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The Unwalkable Made Walkable

The Planning Report has an interesting interview with urban planner Emily Gabel-Luddy of LA City Planning about her role on the newly formed urban design team. So far they've produced a big packet of info about creating walkable communities that has provided an interesting read for planner nerds like us. Gabel-Luddy says it's time to start taking a new approach to how we view our streets and how we design our city.

"Everything is urban design, but our primary focus is everything that has to do with our streets. [The City has] not, in many, many years, worked on our public realm. We’ve had a one-dimensional approach to our streets. In fact, for all of L.A.’s 6,500 miles of streets, the city has only about nine basic cross-sections for how a street should work. And none of those cross-sections considers the human dimension of that street. So the first area of urban design deals with humanizing the public realm, and we can’t take a one-dimensional approach; it really has to be comprehensive." Gabel-Luddy also takes aim at the proposed one-waying of Pico and Olympic for being a quick fix to a larger issue that will ultimately harm pedestrian activity along those two stretches of roadway. Nice job Zev! She also goes into the problems created by various departments who have fixed rules for development that in some senses work against good architectural and pedestrian design, creating the 4-story, flat-roofed stucco boxes populating the City. In a similar article on urban design, A Daily Dose of Architecture links up to StreetSections.com, which looks at "great streets" around the world and how they are designed, with helpful little diagrams explaining right-of-way widths and heights in context to the street. The goal of the site is to collect 1,000 examples of good street design. So far they're stalled on 169.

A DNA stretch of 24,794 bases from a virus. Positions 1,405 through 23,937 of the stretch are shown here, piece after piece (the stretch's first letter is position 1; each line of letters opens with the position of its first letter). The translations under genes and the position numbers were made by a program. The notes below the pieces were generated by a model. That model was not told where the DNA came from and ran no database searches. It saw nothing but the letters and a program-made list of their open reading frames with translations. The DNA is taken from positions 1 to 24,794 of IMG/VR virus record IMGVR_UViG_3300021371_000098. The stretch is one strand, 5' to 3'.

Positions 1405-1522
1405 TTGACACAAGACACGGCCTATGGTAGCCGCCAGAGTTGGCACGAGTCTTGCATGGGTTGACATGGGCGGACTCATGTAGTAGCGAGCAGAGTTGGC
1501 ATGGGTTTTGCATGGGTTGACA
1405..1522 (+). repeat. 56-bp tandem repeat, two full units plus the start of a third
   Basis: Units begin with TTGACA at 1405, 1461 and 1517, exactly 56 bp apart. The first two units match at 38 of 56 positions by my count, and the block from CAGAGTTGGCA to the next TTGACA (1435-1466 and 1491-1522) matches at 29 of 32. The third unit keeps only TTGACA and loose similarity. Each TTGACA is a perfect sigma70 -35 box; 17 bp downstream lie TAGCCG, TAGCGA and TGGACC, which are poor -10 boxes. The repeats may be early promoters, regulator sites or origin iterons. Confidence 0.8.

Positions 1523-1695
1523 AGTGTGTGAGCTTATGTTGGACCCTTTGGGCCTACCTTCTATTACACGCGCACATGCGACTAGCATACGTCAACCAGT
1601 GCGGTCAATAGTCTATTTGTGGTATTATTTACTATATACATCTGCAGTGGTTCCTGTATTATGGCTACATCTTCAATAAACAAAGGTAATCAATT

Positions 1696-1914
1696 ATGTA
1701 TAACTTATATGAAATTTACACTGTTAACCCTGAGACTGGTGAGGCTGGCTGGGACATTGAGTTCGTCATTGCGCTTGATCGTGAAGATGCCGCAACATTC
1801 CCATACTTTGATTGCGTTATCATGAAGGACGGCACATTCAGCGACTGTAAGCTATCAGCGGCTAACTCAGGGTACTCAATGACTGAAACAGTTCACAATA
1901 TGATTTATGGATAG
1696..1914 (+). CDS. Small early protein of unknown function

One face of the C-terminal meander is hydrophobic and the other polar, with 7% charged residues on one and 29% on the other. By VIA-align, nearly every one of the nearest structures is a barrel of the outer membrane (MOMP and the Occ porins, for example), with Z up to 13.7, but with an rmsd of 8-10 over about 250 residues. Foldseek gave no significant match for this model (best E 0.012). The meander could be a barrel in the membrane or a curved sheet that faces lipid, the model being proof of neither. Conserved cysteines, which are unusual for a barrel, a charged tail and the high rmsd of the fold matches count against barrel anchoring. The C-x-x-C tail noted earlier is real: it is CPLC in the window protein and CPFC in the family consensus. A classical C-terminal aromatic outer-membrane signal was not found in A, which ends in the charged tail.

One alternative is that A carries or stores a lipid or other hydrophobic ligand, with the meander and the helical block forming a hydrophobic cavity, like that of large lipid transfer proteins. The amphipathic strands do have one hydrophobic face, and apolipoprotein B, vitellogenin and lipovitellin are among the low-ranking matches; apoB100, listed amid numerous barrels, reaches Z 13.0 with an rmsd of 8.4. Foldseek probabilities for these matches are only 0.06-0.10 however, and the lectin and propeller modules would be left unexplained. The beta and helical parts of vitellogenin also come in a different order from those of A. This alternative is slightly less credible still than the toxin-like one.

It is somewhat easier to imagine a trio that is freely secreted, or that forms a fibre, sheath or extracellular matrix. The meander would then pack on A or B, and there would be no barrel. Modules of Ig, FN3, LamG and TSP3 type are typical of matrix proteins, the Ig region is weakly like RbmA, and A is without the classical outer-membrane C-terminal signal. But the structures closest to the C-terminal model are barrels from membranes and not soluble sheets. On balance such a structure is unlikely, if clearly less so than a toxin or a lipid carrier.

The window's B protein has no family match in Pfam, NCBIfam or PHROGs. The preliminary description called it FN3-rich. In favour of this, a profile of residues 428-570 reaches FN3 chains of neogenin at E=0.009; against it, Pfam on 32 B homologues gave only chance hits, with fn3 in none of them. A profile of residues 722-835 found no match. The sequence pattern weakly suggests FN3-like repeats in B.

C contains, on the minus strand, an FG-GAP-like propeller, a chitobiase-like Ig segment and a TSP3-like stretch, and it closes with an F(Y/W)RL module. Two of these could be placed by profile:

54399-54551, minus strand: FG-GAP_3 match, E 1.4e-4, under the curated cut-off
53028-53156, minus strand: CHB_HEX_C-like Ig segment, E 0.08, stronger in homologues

· City Planning Department’s Urban Design Studio Is All About Making L.A. More Liveable [Planning Report via Planetizen]
· Street Sections [A Daily Dose of Architecture]